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A Global Lens on Teacher Quality

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High-achieving countries share some common practices when it comes to the recruitment, training and development of public-school teachers, according to experts at a recent Education Writers Association event.

A few years ago in Singapore, teachers in a high school English department posed a question: Would having students conduct live debates on an issue before they wrote persuasive essays about it result in more highly developed final papers?

Like social scientists, the Singaporean educators sought to test their theory, collaboratively designing the exercise and scoring the essays using identical rubrics. Their conclusion: The debate exercise appeared to prompt more nuanced thinking from the students in their subsequent essays – findings the teachers ultimately published in a professional journal.

Collaboration is key

Researcher Linda Darling-Hammond relayed the story during a December 2015 EWA panel on global teacher quality, explaining that this kind of collaboration and autonomy underscores the work lives of teachers in some academically high-achieving countries.

Darling-Hammond, a Stanford University education professor emeritus and leader of the newly formed Learning Policy Institute, was joined by two other internationally focused academics to discuss those trends at the EWA panel in Washington, including Pasi Sahlberg, a Finnish scholar and visiting professor at the Harvard Graduate School of Education, and Lin Goodwin, a professor and vice dean at Teachers College, Columbia University. The three researchers are coauthors of a forthcoming book that examines teacher-quality practices in high-achieving systems.

Together, they shared the common practices and conditions that have created high-quality teacher workforces in countries like Finland, Singapore, South Korea and the Netherlands, which are seen as strong performers on the Program for International Student Assessment, or PISA, an exam for 15-year-olds in reading, mathematics, and science. Those characteristics include:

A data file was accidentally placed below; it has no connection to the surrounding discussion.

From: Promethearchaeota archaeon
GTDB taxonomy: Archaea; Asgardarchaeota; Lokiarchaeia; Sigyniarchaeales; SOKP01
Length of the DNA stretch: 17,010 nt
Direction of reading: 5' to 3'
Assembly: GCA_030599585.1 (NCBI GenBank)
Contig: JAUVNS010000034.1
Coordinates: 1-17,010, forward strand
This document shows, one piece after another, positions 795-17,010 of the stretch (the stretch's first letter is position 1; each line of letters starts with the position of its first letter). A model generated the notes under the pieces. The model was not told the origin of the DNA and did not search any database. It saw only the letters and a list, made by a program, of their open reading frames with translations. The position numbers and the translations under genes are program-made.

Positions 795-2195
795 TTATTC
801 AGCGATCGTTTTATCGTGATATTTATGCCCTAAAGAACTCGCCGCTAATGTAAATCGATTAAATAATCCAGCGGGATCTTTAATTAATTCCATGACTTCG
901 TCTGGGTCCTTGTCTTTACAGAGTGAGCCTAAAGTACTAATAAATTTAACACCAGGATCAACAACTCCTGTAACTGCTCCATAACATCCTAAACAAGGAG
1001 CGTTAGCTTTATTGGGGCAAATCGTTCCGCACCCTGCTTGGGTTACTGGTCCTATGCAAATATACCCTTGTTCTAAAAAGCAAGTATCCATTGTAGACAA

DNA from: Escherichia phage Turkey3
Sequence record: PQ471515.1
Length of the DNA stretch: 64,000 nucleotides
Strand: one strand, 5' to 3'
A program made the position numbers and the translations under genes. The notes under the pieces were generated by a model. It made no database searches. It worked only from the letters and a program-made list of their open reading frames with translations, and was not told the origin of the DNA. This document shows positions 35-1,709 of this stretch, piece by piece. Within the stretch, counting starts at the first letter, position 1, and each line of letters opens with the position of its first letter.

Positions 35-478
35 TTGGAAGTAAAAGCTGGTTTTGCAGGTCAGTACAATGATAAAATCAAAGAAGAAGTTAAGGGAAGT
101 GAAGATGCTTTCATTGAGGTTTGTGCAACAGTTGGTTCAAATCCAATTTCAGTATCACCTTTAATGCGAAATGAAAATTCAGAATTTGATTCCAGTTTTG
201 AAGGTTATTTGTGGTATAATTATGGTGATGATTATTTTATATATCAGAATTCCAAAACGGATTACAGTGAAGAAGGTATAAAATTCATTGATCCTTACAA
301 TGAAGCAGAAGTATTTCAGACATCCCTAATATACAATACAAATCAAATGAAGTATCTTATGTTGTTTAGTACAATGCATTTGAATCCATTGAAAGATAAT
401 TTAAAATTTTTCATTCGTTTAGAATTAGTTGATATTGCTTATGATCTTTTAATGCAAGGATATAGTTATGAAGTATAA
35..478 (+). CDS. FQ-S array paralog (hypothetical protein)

• Autonomy and collaboration. Teachers usually are given a great deal of freedom to collaborate and plan together, and are largely insulated from swings in state or national policy.
  • Consistent preparation systems. The pipeline for teacher training is well-planned and consistent among the high-performing country’s institutions.
  • Selective admission into teacher-prep programs. Universities are careful to only admit applicants to teacher training programs that show signs of being well-suited for teaching, based on their academic performance, outside interests, and their in-person interviews.
  • Social conditions. High-performing countries tend to be places where communities value education, favor providing schools with adequate resources, and consider teaching to be prestigious.

“The big takeaway? These are careers with respect,” said Darling-Hammond.

She added that while American teachers teach about 27 hours per week, educators in high-performing countries teach about 19 hours a week, which leaves more time for collaboration and planning with colleagues, or for student tutoring.

“What (Americans) focus on is: ‘Did we get a good teacher? Do they do well when we rank them?’” said Darling-Hammond. “In other countries, the emphasis is on the whole group of teachers being lifted up together.”

What the research shows